At the war’s end, the concept of media development came into its own when it became apparent that Germany would need independent news media to construct democracy. U.S. occupation authorities took a hands-on approach to building politically independent media institutions, installing politically mixed editorial boards in the newly constituted newspapers. They took the same approach with broadcasters and broke the monolithic Reich broadcasting system into regional entities. Local journalists were trained in Western news practices, and a model newspaper was created to exemplify (in the words of Dwight Eisenhower) objective reporting [strict separation of news and comment], its respect for the truth, and its high journalistic standard. Within a decade, the West German news media was noted for both quantity and quality, and the United States discovered media development as a tool for democratization.

The first post-war priority was the Soviet bloc, where U.S. donors supported dissident expression. With the fall of the Soviet Union, it seemed as though the door had swung open for wholesale reform: the printing presses and broadcasting facilities were already in place, so it appeared that all that was required was to teach the journalists “how to report instead of taking dictation.” Millions of dollars flooded into Eastern and Central Europe, and a place for the independent press was prepared at the table of free-market capitalism. (The record shows that the process worked better in some countries than others.)

More Difficult to Export U.S. Model

Today, the traditional model of media development is facing an array of practical and political challenges that are transforming its functions and its mandate. Part of the problem is that American journalism has lost its moxie. For generations, the U.S. model of journalism was based on the premise that advertising revenues will support politically independent professional news production. In the United States and many other markets, that model is struggling to survive, making it more difficult to export. (Ironically, recent market research shows that newspapers are thriving in many of the countries that are candidates for media development.)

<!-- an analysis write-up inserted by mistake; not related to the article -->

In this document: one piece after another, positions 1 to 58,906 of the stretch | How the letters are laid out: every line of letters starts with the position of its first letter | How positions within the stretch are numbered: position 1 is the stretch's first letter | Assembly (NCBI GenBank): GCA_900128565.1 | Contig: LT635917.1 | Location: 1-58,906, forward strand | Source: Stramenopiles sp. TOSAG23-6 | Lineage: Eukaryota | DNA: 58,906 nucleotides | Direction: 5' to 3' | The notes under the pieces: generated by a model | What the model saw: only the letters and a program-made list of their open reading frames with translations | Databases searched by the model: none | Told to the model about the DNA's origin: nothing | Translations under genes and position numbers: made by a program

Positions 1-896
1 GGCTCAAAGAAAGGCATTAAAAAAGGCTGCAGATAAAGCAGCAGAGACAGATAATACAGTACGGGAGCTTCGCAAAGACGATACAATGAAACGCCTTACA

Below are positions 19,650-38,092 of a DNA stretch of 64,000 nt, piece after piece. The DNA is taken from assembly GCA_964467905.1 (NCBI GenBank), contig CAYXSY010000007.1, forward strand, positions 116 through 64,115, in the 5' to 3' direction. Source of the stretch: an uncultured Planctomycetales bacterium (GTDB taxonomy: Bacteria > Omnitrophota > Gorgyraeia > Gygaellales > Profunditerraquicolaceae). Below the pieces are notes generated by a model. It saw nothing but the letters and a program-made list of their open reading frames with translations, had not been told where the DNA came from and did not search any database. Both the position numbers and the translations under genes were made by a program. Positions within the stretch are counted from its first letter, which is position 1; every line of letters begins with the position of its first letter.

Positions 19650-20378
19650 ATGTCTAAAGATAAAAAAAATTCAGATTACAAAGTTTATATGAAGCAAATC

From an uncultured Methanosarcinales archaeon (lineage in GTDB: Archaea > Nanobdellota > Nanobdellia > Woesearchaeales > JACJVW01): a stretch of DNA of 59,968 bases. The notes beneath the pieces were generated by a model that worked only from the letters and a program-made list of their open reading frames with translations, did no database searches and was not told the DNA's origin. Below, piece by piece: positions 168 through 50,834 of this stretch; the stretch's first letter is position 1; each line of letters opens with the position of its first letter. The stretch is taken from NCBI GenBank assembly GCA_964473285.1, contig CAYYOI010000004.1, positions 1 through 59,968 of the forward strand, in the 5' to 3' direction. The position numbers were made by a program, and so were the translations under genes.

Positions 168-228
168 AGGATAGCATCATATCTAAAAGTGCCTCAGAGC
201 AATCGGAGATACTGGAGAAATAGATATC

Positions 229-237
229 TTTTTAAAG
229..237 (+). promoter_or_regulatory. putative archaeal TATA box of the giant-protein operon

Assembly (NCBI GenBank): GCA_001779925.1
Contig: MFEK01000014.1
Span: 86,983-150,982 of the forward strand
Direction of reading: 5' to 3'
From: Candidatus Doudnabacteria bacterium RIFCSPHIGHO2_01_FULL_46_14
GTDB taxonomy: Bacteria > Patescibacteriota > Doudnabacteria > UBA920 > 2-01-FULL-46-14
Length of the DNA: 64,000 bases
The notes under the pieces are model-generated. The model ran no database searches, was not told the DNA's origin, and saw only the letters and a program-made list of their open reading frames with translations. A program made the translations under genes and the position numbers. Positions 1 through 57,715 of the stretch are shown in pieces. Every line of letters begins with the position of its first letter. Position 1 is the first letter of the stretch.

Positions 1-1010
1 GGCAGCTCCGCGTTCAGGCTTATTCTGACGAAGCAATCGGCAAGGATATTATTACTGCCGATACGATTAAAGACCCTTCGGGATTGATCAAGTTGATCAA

The challenge to the traditional notion of “media sector” has everything to do with the creation of content, as digital media has shifted the balance from a model of “top-down” publication to user-generated content. The definition of “news production” has been irreversibly altered in the streets of Tehran, Rangoon and Cairo, and will change yet again with the spread of mobile platforms.

But the new models face formidable obstacles. China is considered the world’s fastest-growing digital market, but the government has set up elaborate means of internet filtering and censorship, along with parallel platforms that mimic Twitter and YouTube with controls built into the system. Now China has embarked on its own program of media development in Africa and Southeast Asia, promoting its model of media as a tool for development without the nuisance of an independent news media. U.S. Secretary of State Hillary Clinton has signaled that the U.S. may be losing an information war as Chinese, Russian, and Arab governments expand their media outreach, based on contesting visions of the role of media in society.

U.S. media development programs continue to fund training for reporters and student journalists, but there is ever growing emphasis on access to digital platforms and online citizen engagement. State Department and USAID funding for media freedom and freedom of information totaled nearly $107 million in FY 2011. The funding is expected to hold steady amid the coming rounds of budget cuts, but this is attributed to an expanding menu of digital projects, many of which have nothing to do with creation of content. Over the past decade, USAID has launched a series of new partnerships with tech companies such as Microsoft, Google and Cisco, many of them wrapped in the ambitious Global Broadband and Innovations Program to expand access to telecommunications in the developing world and promote the use of ICT for development.